The Southwestern Historical Quarterly, Volume 97, July 1993 - April, 1994 Page: 149
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sults were disappointing. Manpower was in limited supply, yet patrols were dou-
bled to prevent a general slave uprising. Slaves were excluded from the military
draft, but a handful did fight. An even smaller number were rewarded with free-
Negro status. Nevertheless, a harsh slave code was written into the constitution
of the Republic and persisted after statehood.
Lack has written a path-breaking book. His research is thorough and his writ-
ing style commands the reader's attention. Practitioners of Texas history are in
University of Houston STANLEY E. SIEGEL
A Revolution Remembered: The Memoirs and Selected Correspondence of Juan N. Seguin.
By Jesus F. de la Teja. (Austin: State House Press, 1991. Pp. xii+216. Pref-
ace, black-and-white photographs, illustrations, appendices, sources, bibli-
ography, index. $21.92.)
Of the Mexican Texans who fought on the side of the rebels in 1835-1836,
Juan N. Seguin played the most conspicuous role. After the rebellion, Seguin
served Texas in several ways, including as mayor of San Antonio and as the only
tejano elected to the senate of the Texas Republic. He also served himself as a
land speculator and as a smuggler, until a complex series of events cast doubt on
his loyalty to Texas and forced him to resign as mayor and seek exile in Mexico
in 1842. Six years later he returned to San Antonio, where he tried to refurbish
a reputation further tarnished by his participation on the Mexican side of the re-
cent war with the United States.
In the apparent hope of renewing his political career in Texas, Seguin wrote a
brief account of his role in the Texas rebellion and told his side of the story
about the events that drove him into exile. In 1858, Seguin published these Per-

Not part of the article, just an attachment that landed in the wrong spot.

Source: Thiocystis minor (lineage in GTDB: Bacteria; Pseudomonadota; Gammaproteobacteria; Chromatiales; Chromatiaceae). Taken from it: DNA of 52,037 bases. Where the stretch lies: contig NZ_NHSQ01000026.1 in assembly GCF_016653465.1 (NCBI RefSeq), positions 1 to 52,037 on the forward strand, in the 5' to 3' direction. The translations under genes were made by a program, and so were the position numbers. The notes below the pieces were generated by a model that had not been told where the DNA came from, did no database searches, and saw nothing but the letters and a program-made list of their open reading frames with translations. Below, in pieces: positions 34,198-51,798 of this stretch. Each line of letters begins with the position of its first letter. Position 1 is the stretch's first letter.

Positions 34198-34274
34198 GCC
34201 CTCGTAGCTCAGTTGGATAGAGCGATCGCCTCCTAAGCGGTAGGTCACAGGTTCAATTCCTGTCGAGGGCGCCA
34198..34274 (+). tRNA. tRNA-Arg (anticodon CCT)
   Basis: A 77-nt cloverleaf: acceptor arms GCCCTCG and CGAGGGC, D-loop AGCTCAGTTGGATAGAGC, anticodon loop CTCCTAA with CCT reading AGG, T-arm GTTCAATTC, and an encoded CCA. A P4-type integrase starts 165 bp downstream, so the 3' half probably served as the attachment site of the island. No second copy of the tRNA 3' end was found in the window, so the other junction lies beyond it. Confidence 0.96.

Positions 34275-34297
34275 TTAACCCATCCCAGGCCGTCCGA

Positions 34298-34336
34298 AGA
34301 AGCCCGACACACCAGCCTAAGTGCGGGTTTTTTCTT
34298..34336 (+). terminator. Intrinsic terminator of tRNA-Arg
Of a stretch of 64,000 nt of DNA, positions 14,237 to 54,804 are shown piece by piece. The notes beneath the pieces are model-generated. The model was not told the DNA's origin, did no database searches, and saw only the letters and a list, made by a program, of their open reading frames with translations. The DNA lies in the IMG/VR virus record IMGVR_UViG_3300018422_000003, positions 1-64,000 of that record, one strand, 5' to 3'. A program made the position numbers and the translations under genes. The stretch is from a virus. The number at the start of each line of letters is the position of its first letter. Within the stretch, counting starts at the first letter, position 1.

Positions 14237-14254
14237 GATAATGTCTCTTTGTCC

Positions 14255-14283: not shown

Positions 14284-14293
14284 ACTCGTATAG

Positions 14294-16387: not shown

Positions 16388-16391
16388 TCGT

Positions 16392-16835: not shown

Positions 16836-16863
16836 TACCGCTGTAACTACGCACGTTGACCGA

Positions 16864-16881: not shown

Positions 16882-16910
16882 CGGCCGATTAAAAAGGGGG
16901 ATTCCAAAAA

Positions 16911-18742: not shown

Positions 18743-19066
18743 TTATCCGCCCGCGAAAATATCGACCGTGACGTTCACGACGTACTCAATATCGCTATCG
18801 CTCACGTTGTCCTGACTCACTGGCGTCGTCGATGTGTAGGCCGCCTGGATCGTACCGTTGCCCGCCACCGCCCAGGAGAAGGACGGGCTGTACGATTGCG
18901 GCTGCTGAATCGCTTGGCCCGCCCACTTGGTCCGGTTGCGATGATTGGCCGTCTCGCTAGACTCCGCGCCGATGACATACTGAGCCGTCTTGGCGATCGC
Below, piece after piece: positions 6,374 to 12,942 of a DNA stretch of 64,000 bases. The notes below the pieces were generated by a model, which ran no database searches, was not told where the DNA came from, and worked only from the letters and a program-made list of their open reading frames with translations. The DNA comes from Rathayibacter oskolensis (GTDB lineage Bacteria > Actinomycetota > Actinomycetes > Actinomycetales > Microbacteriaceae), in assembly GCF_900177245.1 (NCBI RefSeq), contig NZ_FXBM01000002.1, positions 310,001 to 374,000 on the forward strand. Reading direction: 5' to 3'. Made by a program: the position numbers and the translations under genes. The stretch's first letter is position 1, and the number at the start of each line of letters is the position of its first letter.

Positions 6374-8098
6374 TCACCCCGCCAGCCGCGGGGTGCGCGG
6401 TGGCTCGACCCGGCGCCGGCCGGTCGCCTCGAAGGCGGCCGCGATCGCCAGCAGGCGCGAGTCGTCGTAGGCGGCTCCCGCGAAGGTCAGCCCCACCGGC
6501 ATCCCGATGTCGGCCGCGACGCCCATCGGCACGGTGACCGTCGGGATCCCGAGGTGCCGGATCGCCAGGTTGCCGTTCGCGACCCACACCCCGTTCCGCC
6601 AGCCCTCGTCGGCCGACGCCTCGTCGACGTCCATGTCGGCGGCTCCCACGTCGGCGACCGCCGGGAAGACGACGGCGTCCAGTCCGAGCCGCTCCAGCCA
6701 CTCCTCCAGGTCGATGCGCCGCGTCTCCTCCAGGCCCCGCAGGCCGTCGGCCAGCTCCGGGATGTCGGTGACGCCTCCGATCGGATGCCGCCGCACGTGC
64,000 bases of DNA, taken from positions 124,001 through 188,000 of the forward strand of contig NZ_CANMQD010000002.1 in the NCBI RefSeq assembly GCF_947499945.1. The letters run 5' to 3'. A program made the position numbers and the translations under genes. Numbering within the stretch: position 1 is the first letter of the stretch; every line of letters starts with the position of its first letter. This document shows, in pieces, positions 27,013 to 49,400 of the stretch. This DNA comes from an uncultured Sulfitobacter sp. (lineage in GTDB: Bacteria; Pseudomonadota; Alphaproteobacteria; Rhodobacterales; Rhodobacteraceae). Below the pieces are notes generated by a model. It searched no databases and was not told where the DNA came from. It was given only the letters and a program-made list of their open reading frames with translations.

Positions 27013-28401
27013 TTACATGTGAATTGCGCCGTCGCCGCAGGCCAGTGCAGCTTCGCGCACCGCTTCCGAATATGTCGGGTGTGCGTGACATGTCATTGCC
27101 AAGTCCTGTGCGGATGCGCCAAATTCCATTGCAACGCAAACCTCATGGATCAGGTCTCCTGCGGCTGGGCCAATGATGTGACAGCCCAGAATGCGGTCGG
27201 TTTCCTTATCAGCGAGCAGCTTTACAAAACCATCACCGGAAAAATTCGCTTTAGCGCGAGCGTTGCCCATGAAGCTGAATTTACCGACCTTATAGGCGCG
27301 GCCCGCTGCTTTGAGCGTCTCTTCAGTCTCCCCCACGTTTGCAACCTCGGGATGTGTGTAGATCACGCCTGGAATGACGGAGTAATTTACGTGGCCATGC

sonal Memoirs in San Antonio in English (a Spanish version, if it existed, has nev-
er been found), but like Seguin himself the Memoirs were nearly forgotten until
the Chicano movement of the 196o0s nudged scholars to reexamine the Hispanic
past. By then, the Memoirs had become rare; not even the University of Texas at
Austin had a complete copy. A facsimile of the Memoirs appeared in 1976 (We-
ber, ed., Northern Mexico on the Eve of the United States Invasion: Rare Imprints ...
[New York: Arno Press]), but that volume, too, has become scarce.
The publication of A Revolution Remembered makes Seguin's Memoirs widely ac-
cessible for the first time. Expertly edited by Jesfs de la Teja, the Memoirs stand
as the centerpiece of this volume and appear in two versions: the original of
1858, written in fractured English, and de la Teja's more readable interpreta-
tion. A Revolution Remembered also contains seventy-three documents pertaining
to Seguin during the years treated in the Memoirs. Rich in details, such as
Seguin's recollection of crawling on all fours through enemy lines to carry a
message out of the Alamo, some of these documents have never appeared in
print and some are translated here for the first time. In his substantial introduc-
tion to A Revolution Remembered, de La Teja has written the fullest and most au-
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Texas State Historical Association. The Southwestern Historical Quarterly, Volume 97, July 1993 - April, 1994, periodical, 1994; Austin, Texas. (texashistory.unt.edu/ark:/67531/metapth117154/m1/177/?rotate=270: accessed March 29, 2017), University of North Texas Libraries, The Portal to Texas History, texashistory.unt.edu; crediting Texas State Historical Association.